Clean vector technology for marker-free transgenic fruit crops

F.A. Krens, K.T.B. Pelgrom, J.G. Schaart, A.P.M. den Nijs, G.J.A. Rouwendal

Research output: Contribution to journalArticleAcademicpeer-review

10 Citations (Scopus)


Marker-free transgenic crops confer several advantages over transgenic crops equipped with selection genes coding e.g. for antibiotic resistance. Firstly, the European Union has prepared a guidance document for risk assessment of GM-crops to be introduced in the environment (E.U. Joint Working Group on Novel Foods and GMO’s, 2003). In this document based on compliance to consumer demands the EU encourages to “avoid or minimise the inclusion of superfluous transgenes or sequences”. EU thus promotes the use of clean vector systems. Secondly, the number of selection genes allowing the preferential growth of transformed cells and tissues is limited. Often a gene transfer protocol for a specific crop or even a cultivar depends on the use of one specific selectable marker gene. Hence, stacking of genes within the same transgenic line is difficult once a selectable marker gene has been introduced. If these marker genes can be removed, the subsequent introduction of the next gene-of-interest is greatly facilitated. At Plant Research International a system has been developed for specific elimination of any introduced DNA/gene sequences using site-specific recombination combined with selection for successful removal using a negative selection system. Completely marker-free transgenic plants have been obtained using a model vector, both in an efficient transformation system (strawberry) as well as in a non-efficient transformation system (apple). Frequencies were more than adequate. Presently a versatile vector set providing a choice of several selectable markers and carrying a multiple cloning site for receiving cassettes of the gene-of-interest is available for application in, amongst others, fruit crops.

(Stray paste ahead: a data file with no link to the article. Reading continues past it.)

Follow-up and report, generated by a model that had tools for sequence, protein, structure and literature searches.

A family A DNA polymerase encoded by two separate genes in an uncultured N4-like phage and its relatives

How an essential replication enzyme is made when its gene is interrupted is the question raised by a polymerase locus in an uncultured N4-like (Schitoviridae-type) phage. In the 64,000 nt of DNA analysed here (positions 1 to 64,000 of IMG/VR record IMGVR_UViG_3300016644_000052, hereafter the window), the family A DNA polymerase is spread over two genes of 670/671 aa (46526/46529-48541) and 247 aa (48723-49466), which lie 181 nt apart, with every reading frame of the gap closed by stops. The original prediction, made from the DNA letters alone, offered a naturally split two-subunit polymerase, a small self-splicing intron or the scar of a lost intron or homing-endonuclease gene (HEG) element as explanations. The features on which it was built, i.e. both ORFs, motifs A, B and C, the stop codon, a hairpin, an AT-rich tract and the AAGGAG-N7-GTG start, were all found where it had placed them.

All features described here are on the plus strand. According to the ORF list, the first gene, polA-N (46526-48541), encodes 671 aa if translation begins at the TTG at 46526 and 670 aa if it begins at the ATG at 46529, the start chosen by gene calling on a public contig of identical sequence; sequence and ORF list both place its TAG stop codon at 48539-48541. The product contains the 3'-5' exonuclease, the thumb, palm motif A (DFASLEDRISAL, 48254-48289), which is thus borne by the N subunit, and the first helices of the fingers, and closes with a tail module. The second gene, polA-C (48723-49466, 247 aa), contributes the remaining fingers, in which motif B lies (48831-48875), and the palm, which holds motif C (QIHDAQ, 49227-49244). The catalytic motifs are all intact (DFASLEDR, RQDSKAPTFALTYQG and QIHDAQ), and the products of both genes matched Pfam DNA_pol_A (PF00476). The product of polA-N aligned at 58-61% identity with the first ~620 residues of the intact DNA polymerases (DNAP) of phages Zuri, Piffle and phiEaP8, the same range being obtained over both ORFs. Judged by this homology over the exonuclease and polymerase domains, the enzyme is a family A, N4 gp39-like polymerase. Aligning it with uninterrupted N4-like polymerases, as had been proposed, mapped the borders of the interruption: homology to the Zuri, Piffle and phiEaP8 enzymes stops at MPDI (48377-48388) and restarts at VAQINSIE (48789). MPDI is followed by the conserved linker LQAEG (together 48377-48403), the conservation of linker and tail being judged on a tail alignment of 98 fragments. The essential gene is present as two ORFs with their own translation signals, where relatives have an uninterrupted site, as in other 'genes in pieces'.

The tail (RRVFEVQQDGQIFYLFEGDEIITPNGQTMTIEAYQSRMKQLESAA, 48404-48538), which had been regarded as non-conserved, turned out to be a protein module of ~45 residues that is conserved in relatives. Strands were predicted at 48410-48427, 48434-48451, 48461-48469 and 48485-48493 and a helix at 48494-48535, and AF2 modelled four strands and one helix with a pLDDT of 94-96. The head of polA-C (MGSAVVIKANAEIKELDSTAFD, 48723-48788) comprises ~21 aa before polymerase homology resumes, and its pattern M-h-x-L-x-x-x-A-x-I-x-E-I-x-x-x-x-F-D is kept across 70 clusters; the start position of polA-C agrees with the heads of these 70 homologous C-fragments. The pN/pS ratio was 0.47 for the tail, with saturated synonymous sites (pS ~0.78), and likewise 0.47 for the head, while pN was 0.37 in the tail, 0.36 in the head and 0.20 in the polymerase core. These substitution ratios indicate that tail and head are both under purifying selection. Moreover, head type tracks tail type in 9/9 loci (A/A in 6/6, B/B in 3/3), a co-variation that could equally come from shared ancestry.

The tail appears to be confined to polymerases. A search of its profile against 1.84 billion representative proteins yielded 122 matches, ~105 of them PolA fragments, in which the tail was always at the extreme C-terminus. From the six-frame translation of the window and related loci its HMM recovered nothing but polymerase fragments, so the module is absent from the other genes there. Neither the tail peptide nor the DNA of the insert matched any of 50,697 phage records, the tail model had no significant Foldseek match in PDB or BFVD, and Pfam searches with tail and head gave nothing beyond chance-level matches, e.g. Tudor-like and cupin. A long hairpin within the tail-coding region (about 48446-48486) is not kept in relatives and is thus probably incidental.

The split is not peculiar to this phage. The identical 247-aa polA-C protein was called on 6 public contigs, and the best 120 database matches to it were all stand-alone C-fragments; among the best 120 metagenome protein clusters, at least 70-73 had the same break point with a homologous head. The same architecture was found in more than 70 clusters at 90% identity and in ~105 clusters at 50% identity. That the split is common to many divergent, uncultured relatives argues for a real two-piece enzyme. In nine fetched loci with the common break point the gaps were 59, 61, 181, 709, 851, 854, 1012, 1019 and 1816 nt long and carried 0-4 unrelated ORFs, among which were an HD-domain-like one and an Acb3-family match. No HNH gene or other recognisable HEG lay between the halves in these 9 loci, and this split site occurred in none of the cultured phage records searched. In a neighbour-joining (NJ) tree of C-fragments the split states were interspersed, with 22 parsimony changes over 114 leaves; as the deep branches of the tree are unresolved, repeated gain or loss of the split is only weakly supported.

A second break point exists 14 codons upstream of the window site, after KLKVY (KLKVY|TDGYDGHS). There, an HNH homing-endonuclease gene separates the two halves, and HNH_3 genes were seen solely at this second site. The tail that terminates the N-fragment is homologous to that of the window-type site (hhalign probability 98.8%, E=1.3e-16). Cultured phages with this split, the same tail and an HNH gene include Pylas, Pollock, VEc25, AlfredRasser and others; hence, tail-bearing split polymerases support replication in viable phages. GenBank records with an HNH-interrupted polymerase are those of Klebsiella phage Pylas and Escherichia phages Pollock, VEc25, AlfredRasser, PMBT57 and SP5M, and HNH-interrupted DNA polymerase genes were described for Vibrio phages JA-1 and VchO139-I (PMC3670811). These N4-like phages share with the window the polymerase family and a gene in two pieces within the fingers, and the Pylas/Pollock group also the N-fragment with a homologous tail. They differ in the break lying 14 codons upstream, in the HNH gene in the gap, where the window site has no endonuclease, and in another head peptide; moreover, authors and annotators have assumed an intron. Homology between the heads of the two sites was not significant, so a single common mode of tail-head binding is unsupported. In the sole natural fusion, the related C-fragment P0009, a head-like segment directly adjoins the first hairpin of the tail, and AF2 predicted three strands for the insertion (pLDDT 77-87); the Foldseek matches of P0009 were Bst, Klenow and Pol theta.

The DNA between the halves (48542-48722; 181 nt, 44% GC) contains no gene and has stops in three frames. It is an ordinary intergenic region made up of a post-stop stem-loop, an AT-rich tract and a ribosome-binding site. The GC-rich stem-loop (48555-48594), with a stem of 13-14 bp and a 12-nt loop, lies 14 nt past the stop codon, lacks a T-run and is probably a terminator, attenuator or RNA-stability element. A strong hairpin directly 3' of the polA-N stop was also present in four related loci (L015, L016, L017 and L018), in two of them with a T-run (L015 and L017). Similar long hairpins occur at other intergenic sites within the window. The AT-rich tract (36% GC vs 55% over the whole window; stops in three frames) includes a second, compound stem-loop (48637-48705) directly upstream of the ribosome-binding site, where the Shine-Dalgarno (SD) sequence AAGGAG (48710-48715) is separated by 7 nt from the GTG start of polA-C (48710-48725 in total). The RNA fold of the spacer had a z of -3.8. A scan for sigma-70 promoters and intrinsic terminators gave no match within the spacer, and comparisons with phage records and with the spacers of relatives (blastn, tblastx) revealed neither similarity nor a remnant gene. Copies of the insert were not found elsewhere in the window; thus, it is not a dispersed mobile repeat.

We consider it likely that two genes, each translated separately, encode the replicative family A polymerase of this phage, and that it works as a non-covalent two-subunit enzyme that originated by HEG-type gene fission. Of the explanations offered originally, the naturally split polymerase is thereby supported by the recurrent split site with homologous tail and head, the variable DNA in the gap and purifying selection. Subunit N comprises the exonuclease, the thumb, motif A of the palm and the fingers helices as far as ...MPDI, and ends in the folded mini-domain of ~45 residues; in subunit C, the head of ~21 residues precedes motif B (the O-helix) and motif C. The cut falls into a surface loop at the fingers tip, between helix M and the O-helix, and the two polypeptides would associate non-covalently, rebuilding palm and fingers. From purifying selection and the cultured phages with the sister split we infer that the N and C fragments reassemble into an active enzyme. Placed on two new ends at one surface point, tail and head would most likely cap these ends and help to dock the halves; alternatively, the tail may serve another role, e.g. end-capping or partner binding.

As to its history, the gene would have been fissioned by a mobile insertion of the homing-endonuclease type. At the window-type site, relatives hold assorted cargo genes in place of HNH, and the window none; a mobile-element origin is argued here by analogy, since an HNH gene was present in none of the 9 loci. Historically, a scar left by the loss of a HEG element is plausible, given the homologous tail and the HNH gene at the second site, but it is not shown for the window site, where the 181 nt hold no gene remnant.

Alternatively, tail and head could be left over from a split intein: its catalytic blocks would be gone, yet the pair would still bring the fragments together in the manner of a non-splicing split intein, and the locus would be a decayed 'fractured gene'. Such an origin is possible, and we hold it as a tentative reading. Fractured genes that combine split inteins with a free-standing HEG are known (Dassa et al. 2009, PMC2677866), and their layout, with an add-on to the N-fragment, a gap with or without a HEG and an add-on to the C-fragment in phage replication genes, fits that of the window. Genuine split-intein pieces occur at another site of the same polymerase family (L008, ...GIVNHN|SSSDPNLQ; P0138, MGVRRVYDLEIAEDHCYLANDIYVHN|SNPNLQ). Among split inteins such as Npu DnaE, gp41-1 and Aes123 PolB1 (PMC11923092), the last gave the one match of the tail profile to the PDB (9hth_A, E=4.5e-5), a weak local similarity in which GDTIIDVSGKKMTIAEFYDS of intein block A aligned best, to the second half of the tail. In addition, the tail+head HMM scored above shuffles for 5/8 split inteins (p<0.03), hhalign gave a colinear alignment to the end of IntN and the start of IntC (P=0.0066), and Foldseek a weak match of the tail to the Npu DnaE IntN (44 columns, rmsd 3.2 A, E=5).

Original languageEnglish
Pages (from-to)431-435
JournalActa Horticulturae
Publication statusPublished - 2004

Fingerprint Dive into the research topics of 'Clean vector technology for marker-free transgenic fruit crops'. Together they form a unique fingerprint.

Cite this